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I am a huge fan of running for exercise. The benefits of cardiovascular fitness, time spent outdoors, the endorphins & boost in mental clarity and of course the positive impact running has on bone density and functional strength.


Unfortunately, as running is a high impact exercise, it can negatively impact the pelvic floor muscles if you have weakness in the pelvic floor and already experience pelvic floor symptoms like leakage, heaviness in the pelvis or pelvic pain.


No pain no gain is not the mantra for a healthy and happy pelvic floor. If you’re experiencing any of the symptoms listed above, you need to start by addressing the underlying cause of the symptom before hitting the streets.

Please reach out as I can help you with this.

If you don’t experience any pelvic floor symptoms then running can be super beneficial to your pelvic floor, increasing both endurance and muscular control - making you stronger.


So running isn’t inherently bad for your pelvic floor, despite popular belief.

With that said, the way you run can significantly alter the amount of stress placed on your pelvic floor muscles.

Running, just like all high impact exercise, exerts increased forces through your pelvic floor. Fortunately, your pelvic floor has evolved to absorb this stress.

One role of the pelvic floor is to support your internal organs from below. Your pelvic floor forms the base of your core. When you land whist running, a force travels through your foot to your pelvis, through your pelvic floor muscles. Your pelvic floor muscles have evolved to automatically activate ahead of this force (before your foot hits the ground).

Or at least that’s what they’re supposed to do.

In anyone with underlying pelvic floor muscle weakness, this automatic muscle contraction might not occur.

Therefore, the increased forces received on impact, paired with a lack of automatic activation can trigger leakage and prolapse symptoms during running and high impact exercise, that aren’t present at rest.

For anyone with pelvic floor symptoms, it’s important to address those underlying areas of weakness so that you can continue to run without increased likelihood of injury.

This is no different to someone returning to running after an ankle sprain. If you sprain your ankle and return to running without rehabbing your ankle, running will be bad for your ankle and may result in further injury. If you take the time to rehab and strengthen your ankle and allow your tissue to heal, running may once again be an excellent exercise for your body. The pelvic floor is the same.

While running will always trigger an increase in reaction force through the pelvic floor, your running form can significantly increase or reduce the impact of these forces.

By modifying your running form in a way that reduces excessive force through the pelvic floor, you can reduce common symptoms like leakage, pubic bone pain and vaginal heaviness.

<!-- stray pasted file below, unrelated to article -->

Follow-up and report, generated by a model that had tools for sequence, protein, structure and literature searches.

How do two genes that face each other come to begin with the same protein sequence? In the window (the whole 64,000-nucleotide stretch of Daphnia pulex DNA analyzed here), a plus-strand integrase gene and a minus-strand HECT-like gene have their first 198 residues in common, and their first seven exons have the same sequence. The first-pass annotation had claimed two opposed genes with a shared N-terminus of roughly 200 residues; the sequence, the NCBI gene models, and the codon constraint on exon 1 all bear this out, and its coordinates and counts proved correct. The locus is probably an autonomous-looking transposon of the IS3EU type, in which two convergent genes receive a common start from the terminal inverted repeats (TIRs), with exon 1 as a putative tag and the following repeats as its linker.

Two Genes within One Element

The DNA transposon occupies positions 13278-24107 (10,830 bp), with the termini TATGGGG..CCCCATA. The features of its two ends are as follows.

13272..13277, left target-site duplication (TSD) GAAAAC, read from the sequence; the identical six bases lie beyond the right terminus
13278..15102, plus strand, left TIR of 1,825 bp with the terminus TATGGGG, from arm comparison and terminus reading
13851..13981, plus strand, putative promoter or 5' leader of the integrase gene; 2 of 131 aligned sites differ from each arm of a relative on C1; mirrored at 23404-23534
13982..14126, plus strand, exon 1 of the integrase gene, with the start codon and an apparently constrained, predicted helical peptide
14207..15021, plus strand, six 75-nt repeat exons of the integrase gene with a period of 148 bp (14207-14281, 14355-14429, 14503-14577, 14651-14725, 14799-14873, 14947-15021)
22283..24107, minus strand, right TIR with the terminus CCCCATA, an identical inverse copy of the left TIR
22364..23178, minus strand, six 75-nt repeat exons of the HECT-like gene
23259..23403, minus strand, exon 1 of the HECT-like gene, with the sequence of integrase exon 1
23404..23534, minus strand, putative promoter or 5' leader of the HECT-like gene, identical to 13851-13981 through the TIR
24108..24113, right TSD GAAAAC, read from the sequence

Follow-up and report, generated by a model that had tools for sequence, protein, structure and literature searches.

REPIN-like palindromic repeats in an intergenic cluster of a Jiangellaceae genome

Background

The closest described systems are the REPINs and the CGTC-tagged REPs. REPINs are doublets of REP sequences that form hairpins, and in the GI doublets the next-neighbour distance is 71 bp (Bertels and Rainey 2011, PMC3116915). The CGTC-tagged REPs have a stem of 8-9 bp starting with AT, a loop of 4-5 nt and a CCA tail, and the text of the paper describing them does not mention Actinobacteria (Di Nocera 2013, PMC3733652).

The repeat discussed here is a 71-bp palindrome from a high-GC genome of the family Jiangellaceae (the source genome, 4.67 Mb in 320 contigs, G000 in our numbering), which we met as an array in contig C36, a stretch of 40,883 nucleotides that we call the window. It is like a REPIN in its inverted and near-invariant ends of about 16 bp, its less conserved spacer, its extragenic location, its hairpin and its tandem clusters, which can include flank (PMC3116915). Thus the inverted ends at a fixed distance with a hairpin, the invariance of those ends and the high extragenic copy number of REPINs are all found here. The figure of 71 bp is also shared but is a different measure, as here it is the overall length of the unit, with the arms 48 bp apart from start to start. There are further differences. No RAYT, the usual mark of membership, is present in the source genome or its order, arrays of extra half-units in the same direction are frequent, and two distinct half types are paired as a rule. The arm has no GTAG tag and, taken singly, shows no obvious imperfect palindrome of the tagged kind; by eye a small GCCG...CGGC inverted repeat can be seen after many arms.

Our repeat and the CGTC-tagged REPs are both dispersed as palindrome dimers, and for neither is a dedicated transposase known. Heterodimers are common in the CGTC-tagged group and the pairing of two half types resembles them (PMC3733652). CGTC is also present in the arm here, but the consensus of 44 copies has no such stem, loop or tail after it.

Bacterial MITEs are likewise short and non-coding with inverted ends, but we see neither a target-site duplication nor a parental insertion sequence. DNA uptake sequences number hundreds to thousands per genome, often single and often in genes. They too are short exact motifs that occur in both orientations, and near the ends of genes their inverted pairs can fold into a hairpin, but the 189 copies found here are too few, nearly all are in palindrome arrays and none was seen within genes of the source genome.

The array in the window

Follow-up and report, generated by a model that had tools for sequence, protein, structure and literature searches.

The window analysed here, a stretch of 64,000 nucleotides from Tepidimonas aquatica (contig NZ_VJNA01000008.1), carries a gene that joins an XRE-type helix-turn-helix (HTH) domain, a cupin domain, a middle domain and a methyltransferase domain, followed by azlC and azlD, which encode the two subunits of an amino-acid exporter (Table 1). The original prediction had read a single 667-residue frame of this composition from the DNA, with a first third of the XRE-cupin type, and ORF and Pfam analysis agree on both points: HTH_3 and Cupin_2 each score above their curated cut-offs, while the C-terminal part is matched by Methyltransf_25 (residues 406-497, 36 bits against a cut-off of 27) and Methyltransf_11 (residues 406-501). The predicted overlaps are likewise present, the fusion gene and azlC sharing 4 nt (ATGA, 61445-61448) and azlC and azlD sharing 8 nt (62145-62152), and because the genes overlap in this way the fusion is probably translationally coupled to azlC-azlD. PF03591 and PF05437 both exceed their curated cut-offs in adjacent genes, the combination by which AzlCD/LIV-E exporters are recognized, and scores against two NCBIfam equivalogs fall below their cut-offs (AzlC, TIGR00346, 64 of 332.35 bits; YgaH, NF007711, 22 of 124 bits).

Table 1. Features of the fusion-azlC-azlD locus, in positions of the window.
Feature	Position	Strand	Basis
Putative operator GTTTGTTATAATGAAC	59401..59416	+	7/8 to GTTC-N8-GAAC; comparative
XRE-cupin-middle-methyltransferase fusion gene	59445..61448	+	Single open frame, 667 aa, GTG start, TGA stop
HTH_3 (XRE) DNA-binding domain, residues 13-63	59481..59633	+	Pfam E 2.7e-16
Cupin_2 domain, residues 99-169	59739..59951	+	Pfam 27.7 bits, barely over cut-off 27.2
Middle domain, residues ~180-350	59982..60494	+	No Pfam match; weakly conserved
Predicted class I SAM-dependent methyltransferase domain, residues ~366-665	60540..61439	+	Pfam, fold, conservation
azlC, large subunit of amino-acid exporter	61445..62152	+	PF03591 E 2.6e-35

Below are 5 ways to modify your running form and reduce pelvic floor symptoms:


1)    Relax your abdomen while you run: 

Try and avoid sucking in or keeping your abs rigid while you run. Your abdominals function as shock absorbers and keeping a stiff core limits their ability to absorb shock on impact. Let your tummy relax as you run and see how it feels through your hips and pelvis.


2)   Land soft on your feet:

Try not to slam your feet down, especially when you’re tired – you shouldn’t really be able to hear your feet thumping into the ground. If you can, you’re creating more force on impact.


3)   Tits over toes:

Land with your chest over your feet, not behind them. When you land with your feet in front of your body, your hamstrings are forced to pull you forward through your stride. When you land over your feet, your ankles, knees and hips can effectively absorb ground forces and your glutes and quads can work together to push you forward.


4)   Try to keep your ribs stacked over your pelvis:

This allows your pelvic floor, abdominals and diaphragm to work together to support you. A common habit is to point the chest up to the sky. This stretches the abdominal wall and creates a slight back bend, making it harder for your core to function effectively.


5)   Rotate through the trunk instead of just swinging your arms:

Thoracic rotation, not just arm swinging, is an important part of running form. Rotating through your upper body as you stride allows your body to effectively use momentum and fascial lines to propel you forwards. As you stride forward with one leg, bring your opposite shoulder forward. Alternate with each step.


 I hope you find these tips useful and easy to incorporate into your running practise.


Please remember that if you’re currently lucky enough to be running without any pelvic floor symptoms, it’s still very important to maintain your pelvic floor strength via specific exercises and drills.


These exercises and drills need to be more than just kegels, if you’re a regular runner you should be incorporating deep core strength, single leg stability, plyometrics and trunk rotation exercises into your weekly exercise plans.


These exercises should be personalised as everybody’s running form is different.

Please reach out to book yourself a 1:1 session which will help you manage this:


Anna xx

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